Scripture, for Tertullian, was not a linear record as much as a revelation of the Christ-centered rule of faith. Tertullian uses Genesis 1 to argue for creation out of nothing. He used Genesis 1-3 in his argument against Marcion to show that the God of the Old Testament was not a monster. Tertullian viewed the narrative as historical but also as story centered in Christ. Adam disobeyed God, but admitted his guilt. God did not search for Adam out of ignorance, but to give him a chance to confess (Against Marcion, 2.25 Ante-Nicene Fathers Vol 3, p. 316317).  He saw Adam and Eve as candidates for restoration because they had been relieved by confession.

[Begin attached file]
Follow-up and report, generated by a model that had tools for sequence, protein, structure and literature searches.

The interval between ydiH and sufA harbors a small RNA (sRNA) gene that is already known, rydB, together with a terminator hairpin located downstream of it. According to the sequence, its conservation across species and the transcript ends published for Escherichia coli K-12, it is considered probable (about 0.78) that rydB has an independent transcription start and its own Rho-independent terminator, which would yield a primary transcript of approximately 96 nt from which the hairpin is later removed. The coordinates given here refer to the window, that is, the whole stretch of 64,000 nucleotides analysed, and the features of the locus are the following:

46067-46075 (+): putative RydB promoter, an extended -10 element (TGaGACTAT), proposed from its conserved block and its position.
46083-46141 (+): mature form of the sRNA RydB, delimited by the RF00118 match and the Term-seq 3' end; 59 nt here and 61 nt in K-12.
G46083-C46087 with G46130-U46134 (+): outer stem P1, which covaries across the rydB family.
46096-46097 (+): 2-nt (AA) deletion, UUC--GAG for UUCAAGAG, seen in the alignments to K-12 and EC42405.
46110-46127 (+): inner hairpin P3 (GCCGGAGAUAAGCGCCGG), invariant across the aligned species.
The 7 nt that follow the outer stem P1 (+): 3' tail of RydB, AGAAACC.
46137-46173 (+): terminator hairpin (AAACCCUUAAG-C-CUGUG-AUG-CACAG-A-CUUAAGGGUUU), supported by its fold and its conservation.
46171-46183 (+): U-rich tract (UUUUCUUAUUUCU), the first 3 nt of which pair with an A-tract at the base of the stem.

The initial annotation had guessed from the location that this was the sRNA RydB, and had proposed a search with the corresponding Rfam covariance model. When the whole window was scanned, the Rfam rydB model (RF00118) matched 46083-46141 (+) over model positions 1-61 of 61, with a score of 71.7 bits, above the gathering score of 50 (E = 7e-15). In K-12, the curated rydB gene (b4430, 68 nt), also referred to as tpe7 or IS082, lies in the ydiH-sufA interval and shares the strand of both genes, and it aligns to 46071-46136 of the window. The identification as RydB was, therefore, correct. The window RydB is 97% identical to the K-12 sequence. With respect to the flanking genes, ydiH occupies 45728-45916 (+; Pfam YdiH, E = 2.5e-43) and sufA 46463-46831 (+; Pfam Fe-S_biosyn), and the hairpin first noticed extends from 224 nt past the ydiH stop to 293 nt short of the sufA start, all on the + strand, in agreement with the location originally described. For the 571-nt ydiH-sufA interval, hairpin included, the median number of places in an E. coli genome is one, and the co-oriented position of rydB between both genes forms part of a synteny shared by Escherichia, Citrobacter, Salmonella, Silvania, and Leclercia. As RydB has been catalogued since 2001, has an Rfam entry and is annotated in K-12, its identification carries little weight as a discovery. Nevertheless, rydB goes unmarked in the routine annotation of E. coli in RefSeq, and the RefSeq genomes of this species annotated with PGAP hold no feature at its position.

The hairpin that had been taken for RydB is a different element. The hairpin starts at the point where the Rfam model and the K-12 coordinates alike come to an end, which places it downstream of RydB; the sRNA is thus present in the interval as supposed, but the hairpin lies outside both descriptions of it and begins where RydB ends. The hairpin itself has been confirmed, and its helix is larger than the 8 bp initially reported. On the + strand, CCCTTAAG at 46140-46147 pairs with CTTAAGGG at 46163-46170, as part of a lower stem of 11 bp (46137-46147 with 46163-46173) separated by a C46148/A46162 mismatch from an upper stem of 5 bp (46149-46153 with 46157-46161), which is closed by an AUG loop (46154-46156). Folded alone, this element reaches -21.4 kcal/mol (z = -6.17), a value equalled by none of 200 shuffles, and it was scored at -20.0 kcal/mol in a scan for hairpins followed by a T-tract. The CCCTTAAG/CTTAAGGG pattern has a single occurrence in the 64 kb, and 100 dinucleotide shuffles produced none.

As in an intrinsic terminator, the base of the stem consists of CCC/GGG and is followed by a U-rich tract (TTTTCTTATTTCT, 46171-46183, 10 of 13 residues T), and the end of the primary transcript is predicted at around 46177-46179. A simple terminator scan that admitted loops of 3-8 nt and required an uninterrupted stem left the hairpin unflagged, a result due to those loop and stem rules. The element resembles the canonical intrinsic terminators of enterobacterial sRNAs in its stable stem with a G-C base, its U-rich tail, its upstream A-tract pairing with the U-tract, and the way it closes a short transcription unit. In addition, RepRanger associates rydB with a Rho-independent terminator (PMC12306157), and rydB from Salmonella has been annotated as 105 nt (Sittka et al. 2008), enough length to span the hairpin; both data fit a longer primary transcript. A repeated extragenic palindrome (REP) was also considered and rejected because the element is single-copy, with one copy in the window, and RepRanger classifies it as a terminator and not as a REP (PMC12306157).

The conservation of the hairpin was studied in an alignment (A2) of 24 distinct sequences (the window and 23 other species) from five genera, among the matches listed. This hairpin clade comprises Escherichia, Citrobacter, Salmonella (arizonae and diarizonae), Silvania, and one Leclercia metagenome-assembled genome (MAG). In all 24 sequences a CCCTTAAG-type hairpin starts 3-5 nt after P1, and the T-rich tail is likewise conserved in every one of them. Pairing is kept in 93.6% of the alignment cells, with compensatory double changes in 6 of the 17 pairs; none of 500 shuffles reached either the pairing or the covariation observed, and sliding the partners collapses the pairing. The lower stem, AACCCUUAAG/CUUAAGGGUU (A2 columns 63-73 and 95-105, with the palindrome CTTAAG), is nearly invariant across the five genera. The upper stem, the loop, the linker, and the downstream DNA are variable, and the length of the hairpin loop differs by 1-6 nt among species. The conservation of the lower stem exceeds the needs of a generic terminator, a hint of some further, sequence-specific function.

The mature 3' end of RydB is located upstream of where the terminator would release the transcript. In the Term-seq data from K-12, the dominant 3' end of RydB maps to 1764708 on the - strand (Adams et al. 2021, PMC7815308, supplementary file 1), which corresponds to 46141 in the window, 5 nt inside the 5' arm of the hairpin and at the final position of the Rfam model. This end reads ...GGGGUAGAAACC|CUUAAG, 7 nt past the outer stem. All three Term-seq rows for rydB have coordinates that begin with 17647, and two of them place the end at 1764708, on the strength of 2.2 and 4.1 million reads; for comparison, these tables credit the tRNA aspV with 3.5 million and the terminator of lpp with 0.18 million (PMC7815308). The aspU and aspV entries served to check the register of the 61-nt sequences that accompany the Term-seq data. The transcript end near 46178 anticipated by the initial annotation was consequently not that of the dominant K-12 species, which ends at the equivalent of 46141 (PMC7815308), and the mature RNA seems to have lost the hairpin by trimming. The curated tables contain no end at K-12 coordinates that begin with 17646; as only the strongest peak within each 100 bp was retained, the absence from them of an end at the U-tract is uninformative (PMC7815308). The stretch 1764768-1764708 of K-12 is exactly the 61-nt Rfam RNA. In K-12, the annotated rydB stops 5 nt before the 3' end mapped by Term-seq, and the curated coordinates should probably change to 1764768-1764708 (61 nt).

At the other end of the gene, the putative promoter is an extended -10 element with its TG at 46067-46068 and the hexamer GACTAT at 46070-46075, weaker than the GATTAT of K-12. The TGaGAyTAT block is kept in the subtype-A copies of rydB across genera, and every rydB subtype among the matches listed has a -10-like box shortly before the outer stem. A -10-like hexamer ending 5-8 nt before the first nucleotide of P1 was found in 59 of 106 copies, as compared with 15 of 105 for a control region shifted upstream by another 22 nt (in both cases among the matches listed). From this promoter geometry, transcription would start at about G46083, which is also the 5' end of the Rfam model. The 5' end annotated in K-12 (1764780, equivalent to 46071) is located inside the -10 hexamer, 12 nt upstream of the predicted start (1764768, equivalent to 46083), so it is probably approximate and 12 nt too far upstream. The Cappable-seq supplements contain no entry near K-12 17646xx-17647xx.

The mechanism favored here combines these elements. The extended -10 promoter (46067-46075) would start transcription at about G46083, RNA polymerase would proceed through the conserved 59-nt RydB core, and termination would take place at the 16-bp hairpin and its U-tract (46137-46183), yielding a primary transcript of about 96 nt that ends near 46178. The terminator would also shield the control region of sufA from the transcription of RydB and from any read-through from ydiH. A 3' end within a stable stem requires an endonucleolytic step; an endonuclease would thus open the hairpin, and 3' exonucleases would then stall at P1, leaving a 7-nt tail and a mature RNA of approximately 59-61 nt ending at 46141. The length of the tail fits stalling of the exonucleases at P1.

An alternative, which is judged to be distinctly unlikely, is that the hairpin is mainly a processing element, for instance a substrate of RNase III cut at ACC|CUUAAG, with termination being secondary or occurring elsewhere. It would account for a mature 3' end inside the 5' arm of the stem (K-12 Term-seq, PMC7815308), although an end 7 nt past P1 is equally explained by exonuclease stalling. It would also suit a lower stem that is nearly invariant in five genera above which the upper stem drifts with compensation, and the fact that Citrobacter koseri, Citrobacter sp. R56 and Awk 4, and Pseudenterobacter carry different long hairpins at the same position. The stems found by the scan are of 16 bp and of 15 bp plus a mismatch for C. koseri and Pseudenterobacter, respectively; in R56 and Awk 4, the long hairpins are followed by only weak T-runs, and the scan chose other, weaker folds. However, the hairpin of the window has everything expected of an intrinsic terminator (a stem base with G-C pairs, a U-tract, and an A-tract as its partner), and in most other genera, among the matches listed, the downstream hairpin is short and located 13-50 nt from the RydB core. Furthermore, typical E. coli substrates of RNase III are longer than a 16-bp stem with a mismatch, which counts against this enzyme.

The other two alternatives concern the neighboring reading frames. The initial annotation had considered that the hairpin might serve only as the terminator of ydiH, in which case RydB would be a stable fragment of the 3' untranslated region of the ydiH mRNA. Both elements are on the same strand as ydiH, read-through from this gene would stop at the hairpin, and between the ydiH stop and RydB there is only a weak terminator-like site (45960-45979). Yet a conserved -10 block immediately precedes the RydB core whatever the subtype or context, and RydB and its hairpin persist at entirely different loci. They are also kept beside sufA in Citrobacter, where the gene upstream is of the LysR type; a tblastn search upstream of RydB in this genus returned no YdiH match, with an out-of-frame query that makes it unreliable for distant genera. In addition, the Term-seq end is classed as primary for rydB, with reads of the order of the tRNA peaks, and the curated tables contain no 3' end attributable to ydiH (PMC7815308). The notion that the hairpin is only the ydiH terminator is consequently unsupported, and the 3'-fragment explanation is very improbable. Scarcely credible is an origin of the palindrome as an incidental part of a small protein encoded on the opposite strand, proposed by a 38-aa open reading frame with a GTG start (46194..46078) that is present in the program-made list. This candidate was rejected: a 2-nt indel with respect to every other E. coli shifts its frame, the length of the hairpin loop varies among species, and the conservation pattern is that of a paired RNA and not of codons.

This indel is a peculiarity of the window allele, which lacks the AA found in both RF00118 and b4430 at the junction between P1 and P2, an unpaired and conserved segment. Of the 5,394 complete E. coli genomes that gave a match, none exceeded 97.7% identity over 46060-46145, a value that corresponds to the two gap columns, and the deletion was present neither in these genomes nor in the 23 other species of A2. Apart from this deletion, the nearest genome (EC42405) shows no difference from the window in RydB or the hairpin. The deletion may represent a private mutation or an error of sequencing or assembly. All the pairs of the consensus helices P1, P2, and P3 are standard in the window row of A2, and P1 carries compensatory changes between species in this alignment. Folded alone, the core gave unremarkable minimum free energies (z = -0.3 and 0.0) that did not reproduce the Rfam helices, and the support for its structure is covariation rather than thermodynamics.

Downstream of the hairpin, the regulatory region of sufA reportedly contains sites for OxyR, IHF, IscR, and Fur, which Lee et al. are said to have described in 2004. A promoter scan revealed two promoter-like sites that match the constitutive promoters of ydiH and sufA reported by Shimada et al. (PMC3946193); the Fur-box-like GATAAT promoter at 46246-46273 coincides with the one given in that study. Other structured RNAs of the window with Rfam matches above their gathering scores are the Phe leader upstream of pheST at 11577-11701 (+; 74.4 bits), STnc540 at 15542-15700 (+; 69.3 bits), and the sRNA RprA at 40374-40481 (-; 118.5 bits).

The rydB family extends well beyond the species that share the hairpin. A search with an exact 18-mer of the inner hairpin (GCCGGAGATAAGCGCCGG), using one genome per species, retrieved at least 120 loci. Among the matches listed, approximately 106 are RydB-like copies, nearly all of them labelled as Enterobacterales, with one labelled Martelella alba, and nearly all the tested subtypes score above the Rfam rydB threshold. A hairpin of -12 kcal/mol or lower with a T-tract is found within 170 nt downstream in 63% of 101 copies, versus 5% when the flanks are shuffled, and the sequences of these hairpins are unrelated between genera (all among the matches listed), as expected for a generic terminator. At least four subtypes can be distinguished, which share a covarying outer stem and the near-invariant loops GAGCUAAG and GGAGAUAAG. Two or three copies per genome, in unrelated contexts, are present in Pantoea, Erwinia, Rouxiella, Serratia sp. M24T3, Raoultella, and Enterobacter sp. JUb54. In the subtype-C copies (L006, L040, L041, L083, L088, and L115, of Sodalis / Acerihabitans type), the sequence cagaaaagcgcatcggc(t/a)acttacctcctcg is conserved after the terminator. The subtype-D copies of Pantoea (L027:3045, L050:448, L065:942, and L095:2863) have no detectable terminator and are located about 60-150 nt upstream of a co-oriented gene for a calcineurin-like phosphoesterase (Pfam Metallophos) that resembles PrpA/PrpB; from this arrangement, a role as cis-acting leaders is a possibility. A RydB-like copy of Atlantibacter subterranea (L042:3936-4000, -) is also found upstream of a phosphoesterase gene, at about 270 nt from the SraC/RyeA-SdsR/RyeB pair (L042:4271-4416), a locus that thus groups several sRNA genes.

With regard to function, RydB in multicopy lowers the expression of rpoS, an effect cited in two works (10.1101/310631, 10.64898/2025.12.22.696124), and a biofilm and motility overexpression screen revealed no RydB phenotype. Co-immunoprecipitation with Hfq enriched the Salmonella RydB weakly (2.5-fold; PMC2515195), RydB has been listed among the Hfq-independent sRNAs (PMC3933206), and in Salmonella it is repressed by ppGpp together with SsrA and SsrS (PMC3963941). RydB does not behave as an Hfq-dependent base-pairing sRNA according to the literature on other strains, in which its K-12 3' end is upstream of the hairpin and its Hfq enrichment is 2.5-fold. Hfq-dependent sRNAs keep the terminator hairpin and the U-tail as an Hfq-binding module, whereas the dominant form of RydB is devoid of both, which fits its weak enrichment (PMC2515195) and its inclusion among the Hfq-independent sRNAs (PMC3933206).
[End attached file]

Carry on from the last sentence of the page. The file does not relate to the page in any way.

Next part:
God put the question with an appearance of uncertainty, in order that even here He might prove man to be the subject of a free will in the alternative of either a denial or a confession, and give to him the opportunity of freely acknowledging his transgression, and, so far,of lightening it. (Ante-Nicene Fathers Vol 3, p. 317)

Tertullian seeks to demonstrate that God is good. Sin, death, and liability to judgement are the responsibility of the creature not of the Creator.  Humans are made in the image of Christ – and in the process of creation God had in mind Christ who would likewise become flesh and earth. (On the Resurrection of the Flesh Ante-Nicene Fathers Vol 3, p. 549).

Origen was a prolific Christian writer, thinker, and scholar.  He is purported to have written some 2000-6000 works  (depending how one counts) from commentaries on Genesis and John to his well known texts On First Principles and Against Celsus. His Hexapla, written while he was in Caesarea Maritima, contained a comparison of six versions of the Old Testament. (The picture at the top of this post is of an excavation of Caesarea next to the area of the Crusader fortress.)